Monday, September 17 – Walmart Saves the Day

As we turned into the entrance at Route 66 RV Park in Edgewood, New Mexico, our spirits immediately sank: we were staring into the bowels of an old strip mine. It turned out, that was the good part.

We had left Holbook, Arizona early that morning and driven through Petrified Forest National Park, rejoining eastbound I-40 around 11:30. It was a tough day of driving. Apparently the road builders in eastern Arizona and western New Mexico haven’t quite perfected the art of joining the main road surface with the surface of bridges. The uneven unions result in a severe see-saw motion as the truck and trailer cross these thresholds. I developed an intense headache as the day wore on an no amount of aspirin could relieve my misery.

So we were thrilled when we cleared Albuquerque (where I DID remember to “toin left”) and twenty minutes later saw the exit for Edgewood, figuring in about another 20 minutes we’d be comfortably seated in our RV.

Looking at the entrance from the main road we sensed the Route 66 RV Park in Edgewood, New Mexico was a haven. It features a few very nicely done retro pieces from the heyday of Route 66. Prominently featured is a small period diner. But as soon as we left the main road we quickly realized it was a mud pit. The entire park was packed, dried mud, in many areas pocked with deep ravines from a recent heavy rain. The park was deserted but for a handful of RVs. The one building that stood out, albeit mistakenly, as the office turned out to be something of a 3-walled barn or shed. We saw no public restrooms or showers and no laundry facility.

We persevered and did find the office where a kindly older man explained that the sites are $30 a night and offered to walk me to an available site. I had to nix his first two suggestions because of the afore mentioned ravines. Cody (our RV) is already missing one of the stabilizing jacks and the others hang low enough that a good trip over a ravine or bump could relieve us of another. We finally found a pull-through site that looked reasonably level and could be safely entered without damaging our RV. But once we managed to get Cody (at a skewed angle because of the tight turn) into the site we realized a deep ravine on the exit side of the site meant there was no way to jockey forward and back to get proper positioning in the site AND that in order to get Cody out of the site I would need to back out.

After discussing other options with the manager, I suggested we might need to abandon our plans for this campground and  head elsewhere. He suggested we abandon our plans for a nightly site and consider one of several monthly sites. He showed us the available candidates and we quickly found one that looked perfect: flat, easy in and out, with minimal ravines. I easily backed Cody into the site and began connecting to the park facilities (which by now we had learned did not include cable). As I did this the manager explained that the park water is not drinkable.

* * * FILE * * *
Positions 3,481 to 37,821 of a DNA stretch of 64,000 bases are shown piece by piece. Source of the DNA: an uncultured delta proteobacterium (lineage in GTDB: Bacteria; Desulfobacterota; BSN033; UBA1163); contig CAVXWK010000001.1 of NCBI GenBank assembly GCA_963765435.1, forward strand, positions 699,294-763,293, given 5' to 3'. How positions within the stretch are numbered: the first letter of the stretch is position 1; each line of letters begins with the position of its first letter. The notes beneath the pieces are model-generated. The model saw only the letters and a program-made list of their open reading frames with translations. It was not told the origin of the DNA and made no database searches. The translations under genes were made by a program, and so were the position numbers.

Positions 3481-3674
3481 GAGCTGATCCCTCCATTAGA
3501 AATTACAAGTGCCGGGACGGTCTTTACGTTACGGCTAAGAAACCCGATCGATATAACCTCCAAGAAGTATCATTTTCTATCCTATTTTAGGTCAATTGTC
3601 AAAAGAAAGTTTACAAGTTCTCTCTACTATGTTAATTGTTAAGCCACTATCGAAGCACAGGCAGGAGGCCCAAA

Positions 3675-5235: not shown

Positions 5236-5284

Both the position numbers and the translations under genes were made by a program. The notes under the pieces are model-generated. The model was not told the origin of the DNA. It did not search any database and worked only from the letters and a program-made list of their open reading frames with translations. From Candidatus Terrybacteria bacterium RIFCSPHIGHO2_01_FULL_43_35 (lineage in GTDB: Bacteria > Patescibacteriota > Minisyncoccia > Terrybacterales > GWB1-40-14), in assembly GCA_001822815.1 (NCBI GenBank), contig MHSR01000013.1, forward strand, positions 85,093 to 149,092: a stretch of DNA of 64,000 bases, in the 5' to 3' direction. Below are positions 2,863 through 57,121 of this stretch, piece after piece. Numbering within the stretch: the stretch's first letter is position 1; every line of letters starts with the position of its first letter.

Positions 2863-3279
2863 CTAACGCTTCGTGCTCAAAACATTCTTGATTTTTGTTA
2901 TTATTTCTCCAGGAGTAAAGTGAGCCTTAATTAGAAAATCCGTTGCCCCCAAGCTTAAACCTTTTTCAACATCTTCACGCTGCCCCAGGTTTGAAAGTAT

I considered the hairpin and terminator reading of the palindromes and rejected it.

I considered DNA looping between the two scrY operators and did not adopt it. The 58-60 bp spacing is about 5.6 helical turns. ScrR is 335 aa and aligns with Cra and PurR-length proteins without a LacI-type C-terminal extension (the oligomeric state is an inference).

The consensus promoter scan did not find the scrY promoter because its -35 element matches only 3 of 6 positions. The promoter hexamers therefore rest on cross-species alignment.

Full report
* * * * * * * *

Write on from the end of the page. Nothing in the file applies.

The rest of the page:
Right.

He explained the water is very hard, has a bad taste, and because of high mineral content it leaves hard water residue.

We figured for one night we could put up with that. My head was pounding and the thought of driving 80 miles for another campground was not appealing. At that point I asked if Mary Ann would mind taking care of paying the bill while I finished securing the site. As she and the manager walked toward the “office” she asked if she could use Visa to which he replied: no we’re not set up to take credit cards; we are cash-only.

Between us we had $20 cash.

Mary Ann and I looked at each other. I felt so awful that we were willing to overlook the starkness of the campground. We didn’t need a public restroom or laundry room. We could get by for one night without cable TV. No picnic table at the site meant we’d have to set up our little gas grill on the uneven dried mud, but life goes on. Putrid water could still be used to flush the toilet. Not a blade of grass in the place: no biggie.

But cash-only was a kick in the pants.

I unplugged from shore power, Mary Ann and I got into the truck and we made a beeline to Walmart, 5 minutes from Route 66 RV Park in Edgewood, New Mexico, where we enjoyed a free night: free of muddy surroundings, free of a paid site, free of electricity, water and heat.

Note to Woodalls: you need to update your listing
Note to everyone else: you’ll get a kick out of Route 66

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2 Responses to Monday, September 17 – Walmart Saves the Day

  1. Curtis says:

    Could have gone to Walmart first… Just sayin!

  2. susan says:

    And Wal-Mart saves the day again. So did you get kind of dependent on Wally World while you were out west? Love the story . . . too funny!